Last week, the Australian Food and Grocery Council released a report claiming that advertisements for high fat, sugar and salt foods (HFSS) aimed at children now only make up a very small portion of all food and beverage advertisements on children’s TV in Australia.
The Council’s statement said: “The study found just 2.4 per cent of all HFSS food and beverage adverts on children’s TV between March to May 2010 targeted children aged under the age of 12, according to data sourced from Commercial Monitors, an Australian advertising information service.”
However, Wendy Watson from the Junkbusters Team at Cancer Council NSW, has quite a different take on the findings.
Report highlights problems of junk food marketing to kids
Wendy Watson writes:
The Australian Food and Grocery Council (AFGC) seem to have shot themselves in the foot by releasing a report extolling the successes of their so called Responsible Children’s Marketing Initiative (RCMI).
The report has found that 21% of all food ads in children’s programs were for high fat, sugar and salt foods (HFSS).
This supports what we have been saying- self-regulatory codes such as the Responsible Children’s Marketing Initiative do not work – children are still being exposed to junk food advertising. (Read report here.)
The report also found that companies who had signed up to the voluntary code were still contributing to the number of the advertisements for junk food in children’s programs. 61% of the junk food ads were by signatory companies who have promoted themselves as not advertising unhealthy food and beverage products to children under 12.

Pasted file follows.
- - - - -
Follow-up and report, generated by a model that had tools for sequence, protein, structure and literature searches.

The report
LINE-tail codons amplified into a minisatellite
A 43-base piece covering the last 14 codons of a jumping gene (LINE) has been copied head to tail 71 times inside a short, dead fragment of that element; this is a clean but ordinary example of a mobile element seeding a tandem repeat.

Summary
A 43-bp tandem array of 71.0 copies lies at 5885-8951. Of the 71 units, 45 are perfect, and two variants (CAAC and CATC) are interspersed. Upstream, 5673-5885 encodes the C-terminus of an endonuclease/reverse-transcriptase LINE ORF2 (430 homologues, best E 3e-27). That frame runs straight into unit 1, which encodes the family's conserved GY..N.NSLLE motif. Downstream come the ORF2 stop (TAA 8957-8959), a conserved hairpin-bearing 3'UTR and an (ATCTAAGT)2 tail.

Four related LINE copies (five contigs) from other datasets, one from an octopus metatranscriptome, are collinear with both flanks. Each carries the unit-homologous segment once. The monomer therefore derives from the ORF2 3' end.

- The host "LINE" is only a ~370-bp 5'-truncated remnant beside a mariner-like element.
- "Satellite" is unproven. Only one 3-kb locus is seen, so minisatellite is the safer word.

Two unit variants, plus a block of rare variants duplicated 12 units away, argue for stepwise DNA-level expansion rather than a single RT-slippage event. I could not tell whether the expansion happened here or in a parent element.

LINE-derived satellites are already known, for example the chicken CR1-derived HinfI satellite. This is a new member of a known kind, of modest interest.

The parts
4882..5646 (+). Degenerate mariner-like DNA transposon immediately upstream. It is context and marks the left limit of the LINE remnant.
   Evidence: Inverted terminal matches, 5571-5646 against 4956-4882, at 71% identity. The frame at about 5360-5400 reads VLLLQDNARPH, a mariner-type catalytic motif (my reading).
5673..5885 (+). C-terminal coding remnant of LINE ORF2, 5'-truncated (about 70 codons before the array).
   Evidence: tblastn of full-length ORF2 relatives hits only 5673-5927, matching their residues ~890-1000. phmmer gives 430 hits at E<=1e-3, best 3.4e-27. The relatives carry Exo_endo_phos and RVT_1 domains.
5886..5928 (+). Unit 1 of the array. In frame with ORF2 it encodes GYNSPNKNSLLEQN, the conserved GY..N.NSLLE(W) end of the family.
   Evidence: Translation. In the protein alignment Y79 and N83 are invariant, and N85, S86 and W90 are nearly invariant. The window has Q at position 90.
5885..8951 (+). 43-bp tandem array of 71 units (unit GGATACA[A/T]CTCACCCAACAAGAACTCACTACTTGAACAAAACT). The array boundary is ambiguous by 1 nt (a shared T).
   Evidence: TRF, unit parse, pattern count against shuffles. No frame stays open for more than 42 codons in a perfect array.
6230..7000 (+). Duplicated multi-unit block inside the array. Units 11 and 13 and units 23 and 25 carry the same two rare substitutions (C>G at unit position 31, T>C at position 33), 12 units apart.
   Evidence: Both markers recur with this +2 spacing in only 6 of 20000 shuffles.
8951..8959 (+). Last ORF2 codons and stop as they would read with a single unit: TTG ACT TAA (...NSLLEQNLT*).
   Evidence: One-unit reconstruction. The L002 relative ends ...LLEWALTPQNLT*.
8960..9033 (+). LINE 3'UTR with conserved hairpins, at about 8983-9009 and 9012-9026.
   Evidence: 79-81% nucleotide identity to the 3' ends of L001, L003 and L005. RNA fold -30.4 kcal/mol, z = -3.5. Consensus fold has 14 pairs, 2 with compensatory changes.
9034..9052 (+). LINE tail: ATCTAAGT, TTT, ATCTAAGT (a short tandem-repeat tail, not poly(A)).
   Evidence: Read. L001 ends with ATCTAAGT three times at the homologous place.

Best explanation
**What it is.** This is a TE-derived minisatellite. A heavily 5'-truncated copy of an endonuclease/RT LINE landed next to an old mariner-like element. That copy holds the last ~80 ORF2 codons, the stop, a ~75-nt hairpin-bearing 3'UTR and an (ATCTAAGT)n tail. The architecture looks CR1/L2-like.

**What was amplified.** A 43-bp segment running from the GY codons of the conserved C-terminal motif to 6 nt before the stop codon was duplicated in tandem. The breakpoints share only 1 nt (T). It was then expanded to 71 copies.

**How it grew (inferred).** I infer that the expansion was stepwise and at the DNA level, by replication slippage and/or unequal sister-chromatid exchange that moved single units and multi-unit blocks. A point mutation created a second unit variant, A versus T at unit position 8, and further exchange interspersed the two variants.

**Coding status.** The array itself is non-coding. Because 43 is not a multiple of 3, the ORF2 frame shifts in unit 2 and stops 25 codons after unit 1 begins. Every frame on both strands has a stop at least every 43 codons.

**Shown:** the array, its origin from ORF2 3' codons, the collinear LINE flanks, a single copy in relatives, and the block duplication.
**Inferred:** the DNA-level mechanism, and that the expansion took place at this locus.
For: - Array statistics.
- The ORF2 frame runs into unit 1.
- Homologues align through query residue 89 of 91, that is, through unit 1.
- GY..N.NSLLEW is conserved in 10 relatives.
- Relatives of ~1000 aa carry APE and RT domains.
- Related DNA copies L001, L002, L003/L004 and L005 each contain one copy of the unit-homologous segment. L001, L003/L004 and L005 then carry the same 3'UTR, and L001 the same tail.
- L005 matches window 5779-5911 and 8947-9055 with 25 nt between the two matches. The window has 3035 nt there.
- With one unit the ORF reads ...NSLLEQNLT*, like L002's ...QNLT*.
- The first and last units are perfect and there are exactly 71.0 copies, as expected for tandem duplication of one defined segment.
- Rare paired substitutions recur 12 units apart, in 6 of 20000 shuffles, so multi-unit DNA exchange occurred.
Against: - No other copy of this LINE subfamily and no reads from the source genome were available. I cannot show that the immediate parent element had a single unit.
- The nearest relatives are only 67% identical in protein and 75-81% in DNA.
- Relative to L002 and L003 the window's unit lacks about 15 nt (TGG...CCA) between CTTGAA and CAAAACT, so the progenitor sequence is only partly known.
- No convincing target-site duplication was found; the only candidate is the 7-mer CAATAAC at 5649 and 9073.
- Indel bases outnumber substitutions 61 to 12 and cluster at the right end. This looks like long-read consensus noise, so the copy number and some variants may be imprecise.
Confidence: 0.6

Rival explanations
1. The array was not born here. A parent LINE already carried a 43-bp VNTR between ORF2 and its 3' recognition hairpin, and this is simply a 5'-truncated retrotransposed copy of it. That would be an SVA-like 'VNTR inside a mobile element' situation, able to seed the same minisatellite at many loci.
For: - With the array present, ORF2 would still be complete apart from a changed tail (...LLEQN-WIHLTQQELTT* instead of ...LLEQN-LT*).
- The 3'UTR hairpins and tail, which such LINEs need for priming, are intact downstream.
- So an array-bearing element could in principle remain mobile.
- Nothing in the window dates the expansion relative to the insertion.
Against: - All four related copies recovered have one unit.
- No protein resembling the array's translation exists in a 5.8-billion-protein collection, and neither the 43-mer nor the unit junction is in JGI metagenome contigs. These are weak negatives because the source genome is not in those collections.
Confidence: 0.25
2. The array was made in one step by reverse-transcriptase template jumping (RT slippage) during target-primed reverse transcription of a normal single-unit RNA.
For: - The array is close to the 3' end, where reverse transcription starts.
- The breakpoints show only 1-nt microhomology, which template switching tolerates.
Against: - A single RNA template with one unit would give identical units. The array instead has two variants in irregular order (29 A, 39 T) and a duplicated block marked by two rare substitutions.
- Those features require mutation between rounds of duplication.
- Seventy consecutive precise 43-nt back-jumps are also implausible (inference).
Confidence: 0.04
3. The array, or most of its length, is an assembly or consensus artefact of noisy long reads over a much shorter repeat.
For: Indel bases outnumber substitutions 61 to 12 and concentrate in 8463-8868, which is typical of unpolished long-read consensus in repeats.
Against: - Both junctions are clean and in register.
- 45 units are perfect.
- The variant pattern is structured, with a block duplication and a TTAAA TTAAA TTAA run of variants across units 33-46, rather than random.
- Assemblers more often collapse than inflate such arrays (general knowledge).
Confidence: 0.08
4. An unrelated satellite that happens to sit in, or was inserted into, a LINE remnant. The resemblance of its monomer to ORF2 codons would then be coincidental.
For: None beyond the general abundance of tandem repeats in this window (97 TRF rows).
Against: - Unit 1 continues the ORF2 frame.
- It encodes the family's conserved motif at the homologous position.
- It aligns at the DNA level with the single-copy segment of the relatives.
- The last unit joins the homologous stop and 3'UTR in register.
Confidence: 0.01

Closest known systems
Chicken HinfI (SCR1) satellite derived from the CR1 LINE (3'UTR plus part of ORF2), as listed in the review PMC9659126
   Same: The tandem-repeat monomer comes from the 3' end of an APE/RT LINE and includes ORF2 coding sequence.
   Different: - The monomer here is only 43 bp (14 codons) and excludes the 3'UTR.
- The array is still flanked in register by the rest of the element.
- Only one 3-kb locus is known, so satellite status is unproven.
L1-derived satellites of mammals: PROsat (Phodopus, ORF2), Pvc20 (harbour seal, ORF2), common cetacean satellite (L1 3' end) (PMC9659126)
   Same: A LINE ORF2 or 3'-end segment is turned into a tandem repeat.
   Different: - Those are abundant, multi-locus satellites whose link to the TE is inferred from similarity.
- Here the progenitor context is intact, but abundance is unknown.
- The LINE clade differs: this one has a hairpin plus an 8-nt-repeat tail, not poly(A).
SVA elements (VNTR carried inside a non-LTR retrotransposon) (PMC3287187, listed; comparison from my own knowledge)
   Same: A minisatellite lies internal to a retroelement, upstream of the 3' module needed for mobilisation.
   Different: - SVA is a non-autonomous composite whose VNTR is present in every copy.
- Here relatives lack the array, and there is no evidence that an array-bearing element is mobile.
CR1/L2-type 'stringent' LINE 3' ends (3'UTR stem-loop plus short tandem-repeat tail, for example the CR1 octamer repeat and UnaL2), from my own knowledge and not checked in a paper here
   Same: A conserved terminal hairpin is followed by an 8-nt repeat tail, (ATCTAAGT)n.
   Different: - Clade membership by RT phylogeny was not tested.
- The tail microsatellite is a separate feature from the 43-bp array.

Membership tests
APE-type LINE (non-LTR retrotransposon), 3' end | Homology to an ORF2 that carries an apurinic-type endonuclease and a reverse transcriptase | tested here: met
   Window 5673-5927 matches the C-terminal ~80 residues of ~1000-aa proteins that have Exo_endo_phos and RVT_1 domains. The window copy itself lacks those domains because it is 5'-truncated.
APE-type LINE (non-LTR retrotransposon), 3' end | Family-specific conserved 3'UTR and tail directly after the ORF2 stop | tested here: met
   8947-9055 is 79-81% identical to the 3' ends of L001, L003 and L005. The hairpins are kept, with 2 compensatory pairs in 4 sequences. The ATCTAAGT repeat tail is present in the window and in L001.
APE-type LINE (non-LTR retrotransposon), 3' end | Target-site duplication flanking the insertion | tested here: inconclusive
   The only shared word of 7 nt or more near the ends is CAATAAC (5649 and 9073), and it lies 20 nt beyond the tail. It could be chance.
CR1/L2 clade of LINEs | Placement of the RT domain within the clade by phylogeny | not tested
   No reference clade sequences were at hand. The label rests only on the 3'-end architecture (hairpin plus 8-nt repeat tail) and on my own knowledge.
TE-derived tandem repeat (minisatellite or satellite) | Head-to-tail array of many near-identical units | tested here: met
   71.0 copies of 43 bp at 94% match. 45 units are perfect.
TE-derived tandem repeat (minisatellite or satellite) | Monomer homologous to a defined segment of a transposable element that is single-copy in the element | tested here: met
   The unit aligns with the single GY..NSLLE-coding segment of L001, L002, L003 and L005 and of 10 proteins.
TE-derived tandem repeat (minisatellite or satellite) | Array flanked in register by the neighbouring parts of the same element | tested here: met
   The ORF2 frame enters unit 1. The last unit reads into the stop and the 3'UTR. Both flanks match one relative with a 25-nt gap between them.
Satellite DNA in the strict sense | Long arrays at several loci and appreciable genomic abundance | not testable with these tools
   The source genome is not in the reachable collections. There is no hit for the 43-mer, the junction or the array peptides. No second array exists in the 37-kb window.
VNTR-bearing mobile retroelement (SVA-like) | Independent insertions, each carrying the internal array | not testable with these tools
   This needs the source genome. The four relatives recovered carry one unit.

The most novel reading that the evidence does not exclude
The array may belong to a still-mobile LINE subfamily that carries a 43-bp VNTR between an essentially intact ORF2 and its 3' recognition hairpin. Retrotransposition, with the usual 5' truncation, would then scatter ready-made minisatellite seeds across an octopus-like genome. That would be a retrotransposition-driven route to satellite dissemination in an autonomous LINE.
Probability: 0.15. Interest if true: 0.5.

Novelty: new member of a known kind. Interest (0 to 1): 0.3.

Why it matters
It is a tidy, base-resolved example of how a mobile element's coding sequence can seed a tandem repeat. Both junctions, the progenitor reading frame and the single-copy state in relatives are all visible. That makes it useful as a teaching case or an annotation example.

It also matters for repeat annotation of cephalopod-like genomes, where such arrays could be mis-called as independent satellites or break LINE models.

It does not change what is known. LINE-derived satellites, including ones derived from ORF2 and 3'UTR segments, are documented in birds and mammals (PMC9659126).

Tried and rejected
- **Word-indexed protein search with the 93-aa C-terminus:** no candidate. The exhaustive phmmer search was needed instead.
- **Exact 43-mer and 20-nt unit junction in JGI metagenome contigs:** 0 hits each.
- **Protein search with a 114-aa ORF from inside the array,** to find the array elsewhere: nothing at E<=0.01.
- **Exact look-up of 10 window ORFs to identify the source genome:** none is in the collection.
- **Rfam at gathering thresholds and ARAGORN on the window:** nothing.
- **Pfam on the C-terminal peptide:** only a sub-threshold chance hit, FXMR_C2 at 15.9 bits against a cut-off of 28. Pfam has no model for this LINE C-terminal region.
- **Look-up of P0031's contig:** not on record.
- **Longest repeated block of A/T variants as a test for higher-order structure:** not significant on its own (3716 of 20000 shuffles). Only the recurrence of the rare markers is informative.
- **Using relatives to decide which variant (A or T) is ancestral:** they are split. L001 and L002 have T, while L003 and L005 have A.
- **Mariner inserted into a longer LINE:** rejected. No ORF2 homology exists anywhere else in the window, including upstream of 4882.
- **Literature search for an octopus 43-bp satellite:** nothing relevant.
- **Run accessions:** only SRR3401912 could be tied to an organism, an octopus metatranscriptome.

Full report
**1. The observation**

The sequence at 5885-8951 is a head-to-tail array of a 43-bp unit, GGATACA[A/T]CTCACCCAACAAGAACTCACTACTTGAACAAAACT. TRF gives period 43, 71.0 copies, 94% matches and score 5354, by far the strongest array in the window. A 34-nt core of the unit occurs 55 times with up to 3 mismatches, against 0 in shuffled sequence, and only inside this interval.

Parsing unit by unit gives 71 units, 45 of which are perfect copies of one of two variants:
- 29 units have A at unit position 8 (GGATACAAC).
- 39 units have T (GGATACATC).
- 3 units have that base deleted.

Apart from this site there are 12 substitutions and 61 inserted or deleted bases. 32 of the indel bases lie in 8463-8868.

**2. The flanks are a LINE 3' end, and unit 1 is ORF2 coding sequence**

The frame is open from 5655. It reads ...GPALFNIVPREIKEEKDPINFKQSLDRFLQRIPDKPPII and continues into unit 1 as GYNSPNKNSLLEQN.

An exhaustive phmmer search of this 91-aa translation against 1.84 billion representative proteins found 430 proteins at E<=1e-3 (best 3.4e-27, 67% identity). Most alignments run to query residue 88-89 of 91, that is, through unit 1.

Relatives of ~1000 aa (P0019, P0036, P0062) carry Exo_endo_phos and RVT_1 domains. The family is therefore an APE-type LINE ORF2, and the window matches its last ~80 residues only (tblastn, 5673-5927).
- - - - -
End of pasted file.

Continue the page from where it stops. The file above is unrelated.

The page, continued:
To arrive at the leading statistic in their media release of 2.4% of all HFSS food and beverage adverts on children’s TV targeted children under the age of 12, the report excludes many advertisements claiming they were not directed to children even though they were shown in children’s programs. This is an arbitrary ruling and open to varying interpretations.
In 2010 advertisers creatively defended their unhealthy food ads as not directed to children because they were:
“to capture a moment of play between a busy Dad and his child”
“ a doll… a timeless childhood object which adults could relate with their childhood”
The report also found that only 16 of the 44 companies advertising food and beverages in children’s programs are signatories to the RCMI.
This low participation rate contributes to the ineffectiveness of voluntary regulations. The report only captures the number of different advertisements and not the frequency. Repeated exposure to ads will increase their influence on children.
It only looked at programs where children are more than 50% of the audience. This avoids many high rating programs in the 6pm-9pm timeslot which often have a large children’s audience.
Note: this report excludes advertising by fast food restaurants as they are covered by different self-regulations.
Let us know of any examples you find of junk food marketing to kids.
Meanwhile… Junkbusters has uncovered another breach of the RCMI
Despite being a signatory to The Responsible Children’s Marketing Initiative (RCMI), Nestle has been caught out showing a commercial for Drumstick Ice Cream during children’s program My friend Tigger and Pooh.
This recent breach follows on from a similar breach by Nestle in October when the Advertising Standards Bureau (ASB) upheld a complaint regarding the Smarties’ commercial which was shown during children’s movies.
• Croakey thanks the Junkbusters team for allowing this cross posting.